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Your silence won’t protect you

On Tuesday, I attended the 25th annual LGBTQ+ Pancake Breakfast, which I also wrote an article about in today’s issue. The speaker, Professor Gary Bailey of Simmons College, carried messages of  acknowledging the importance of intersectional issues in today’s world, as well as reflecting on how these issues have been lost to history. As anyone who as in attendance of either the breakfast or the Kidder Lecture later that day knows, Bailey is an incredibly captivating, articulate and simply inspiring speaker.

Bailey quoted the great Audre Lorde several times during his speech at the pancake breakfast as well as during his lecture. The quote that resonated with me the most is actually made up of quotes from two different works that Bailey placed side by side for the purpose of his presentation: “I have come to believe over and over again that what is most important to me must be spoken, made verbal and shared, even at the risk of having it bruised or misunderstood…When we speak we are afraid our words will not be heard or welcomed. But when we are silent, we are still afraid. So it is better to speak.” This also relates to Lorde’s most famous recitation, “your silence will not protect you.”

Professor Bailey’s presentations also briefly touched on generational differences. I thought about this after speaking with my father on the phone (sorry, Dad) after attending the events on Tuesday and expressing anger and frustration toward the injustices faced by many in our own country and local communities. Since my father raised me on liberalism and Bob Dylan, I was surprised when he told me to try not to focus on the injustices in the world, or on things I can’t fix.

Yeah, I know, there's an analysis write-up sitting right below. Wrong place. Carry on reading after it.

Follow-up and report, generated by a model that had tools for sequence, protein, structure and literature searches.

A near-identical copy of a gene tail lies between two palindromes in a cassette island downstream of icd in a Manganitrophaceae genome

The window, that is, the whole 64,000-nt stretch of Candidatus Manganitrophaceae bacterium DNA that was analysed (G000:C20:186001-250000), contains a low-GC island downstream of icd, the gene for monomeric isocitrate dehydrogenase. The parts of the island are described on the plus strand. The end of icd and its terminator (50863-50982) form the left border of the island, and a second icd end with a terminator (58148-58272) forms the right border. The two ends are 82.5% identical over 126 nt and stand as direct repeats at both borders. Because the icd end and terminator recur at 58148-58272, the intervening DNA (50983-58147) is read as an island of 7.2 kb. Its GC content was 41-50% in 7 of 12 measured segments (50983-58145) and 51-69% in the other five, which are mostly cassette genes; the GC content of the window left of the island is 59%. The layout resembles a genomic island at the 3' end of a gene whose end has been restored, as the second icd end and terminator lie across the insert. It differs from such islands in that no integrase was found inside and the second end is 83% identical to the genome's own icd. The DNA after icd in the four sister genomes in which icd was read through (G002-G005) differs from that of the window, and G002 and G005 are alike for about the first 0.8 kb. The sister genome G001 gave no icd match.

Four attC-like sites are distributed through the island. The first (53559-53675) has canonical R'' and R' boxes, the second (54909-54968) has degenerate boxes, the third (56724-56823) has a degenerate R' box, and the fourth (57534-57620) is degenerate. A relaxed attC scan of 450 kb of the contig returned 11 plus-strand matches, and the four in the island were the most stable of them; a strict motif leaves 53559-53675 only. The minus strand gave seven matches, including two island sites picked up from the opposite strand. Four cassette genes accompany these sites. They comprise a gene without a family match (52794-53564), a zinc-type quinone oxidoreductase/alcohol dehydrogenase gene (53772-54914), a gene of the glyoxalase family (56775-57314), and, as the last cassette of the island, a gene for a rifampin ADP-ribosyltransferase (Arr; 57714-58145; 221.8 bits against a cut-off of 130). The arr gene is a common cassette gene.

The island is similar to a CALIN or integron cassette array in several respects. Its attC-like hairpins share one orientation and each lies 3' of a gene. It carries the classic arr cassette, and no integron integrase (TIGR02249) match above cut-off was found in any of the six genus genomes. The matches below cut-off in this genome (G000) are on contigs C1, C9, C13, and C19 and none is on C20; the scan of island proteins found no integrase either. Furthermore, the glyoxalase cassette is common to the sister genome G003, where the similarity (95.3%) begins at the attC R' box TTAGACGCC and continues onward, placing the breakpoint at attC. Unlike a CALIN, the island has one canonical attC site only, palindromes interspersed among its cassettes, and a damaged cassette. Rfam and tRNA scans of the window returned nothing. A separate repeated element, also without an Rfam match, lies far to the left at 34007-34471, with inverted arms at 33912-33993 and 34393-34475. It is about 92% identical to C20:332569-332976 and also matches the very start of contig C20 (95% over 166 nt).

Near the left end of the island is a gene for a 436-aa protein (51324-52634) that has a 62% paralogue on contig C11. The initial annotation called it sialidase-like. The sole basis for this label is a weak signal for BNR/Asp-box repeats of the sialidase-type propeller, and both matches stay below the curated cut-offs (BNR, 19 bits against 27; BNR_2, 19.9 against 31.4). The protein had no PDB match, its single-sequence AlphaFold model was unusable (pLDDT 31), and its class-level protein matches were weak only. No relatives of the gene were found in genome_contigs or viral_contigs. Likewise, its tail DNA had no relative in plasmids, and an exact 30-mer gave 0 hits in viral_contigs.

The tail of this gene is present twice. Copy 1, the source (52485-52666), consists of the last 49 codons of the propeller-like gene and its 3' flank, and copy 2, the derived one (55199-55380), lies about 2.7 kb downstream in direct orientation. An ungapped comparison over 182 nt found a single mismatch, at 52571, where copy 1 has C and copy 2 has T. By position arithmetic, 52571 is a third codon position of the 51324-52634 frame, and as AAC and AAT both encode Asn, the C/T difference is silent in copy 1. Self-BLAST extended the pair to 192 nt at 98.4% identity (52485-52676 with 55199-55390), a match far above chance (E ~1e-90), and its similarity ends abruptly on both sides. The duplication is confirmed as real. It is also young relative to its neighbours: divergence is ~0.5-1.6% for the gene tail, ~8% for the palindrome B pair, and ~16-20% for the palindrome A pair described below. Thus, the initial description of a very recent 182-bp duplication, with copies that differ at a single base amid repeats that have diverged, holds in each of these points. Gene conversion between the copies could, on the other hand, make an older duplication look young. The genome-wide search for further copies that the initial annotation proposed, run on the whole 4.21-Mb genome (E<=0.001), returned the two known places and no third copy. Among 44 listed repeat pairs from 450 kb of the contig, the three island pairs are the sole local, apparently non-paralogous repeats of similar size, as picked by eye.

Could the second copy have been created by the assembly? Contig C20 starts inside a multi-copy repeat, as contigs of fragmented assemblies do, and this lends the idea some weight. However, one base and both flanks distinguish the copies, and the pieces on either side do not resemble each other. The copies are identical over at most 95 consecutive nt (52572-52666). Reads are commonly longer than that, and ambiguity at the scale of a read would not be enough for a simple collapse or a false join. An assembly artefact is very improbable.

Dr. Bailey also acknowledged the imperfections in our society. Though we have made significant progress that we should be proud of, the fight still continues and we are all still learning how to be good allies every day. He pointed out the the oppressed know best how to oppress because oppression has been modeled for them so well; “It’s so important for us as a community to hold ourselves up to a mirror and to really look deeply at ourselves…” he said on Tuesday.

You may feel hopeless when faced with the countless injustices people within and beyond this country’s borders have to deal with every day. After all, how much can a college student in New Hampshire do?

As I looked around the room at the pancake breakfast and the Kidder lecture, I was impressed by the number of people in attendance. However, I noticed that when I go to events like these on campus, I always see the same faces. I realized that many students here at UNH probably have the same attitude toward acting against injustice as my father did.

We are so lucky to have the countless events that celebrate and educate about diversity at UNH, and everyone should take that opportunity to learn as much as they can about their community. Throughout the month of April alone, countless student organizations have been and will be continuing to host events for Pride Month, Sexual Assault Awareness Month and Genocide Awareness Month.

Just because an issue does not personally affect you, or is tiring to think about, does not mean you shouldn’t say something as Audre Lorde explained,  as the ignorance of injustice is itself an injustice, and allows oppression to continue. Simply talking and having discussions may seem trivial, but it is an incredibly important step to creating change. I hope that we can continue to have conversations like those Gary Bailey brought to UNH this Tuesday so that we can all learn how to better ourselves as allies and as a community. Much has been done, but we still have a long way to go. For when these things directly affect our community, we cannot stay silent.

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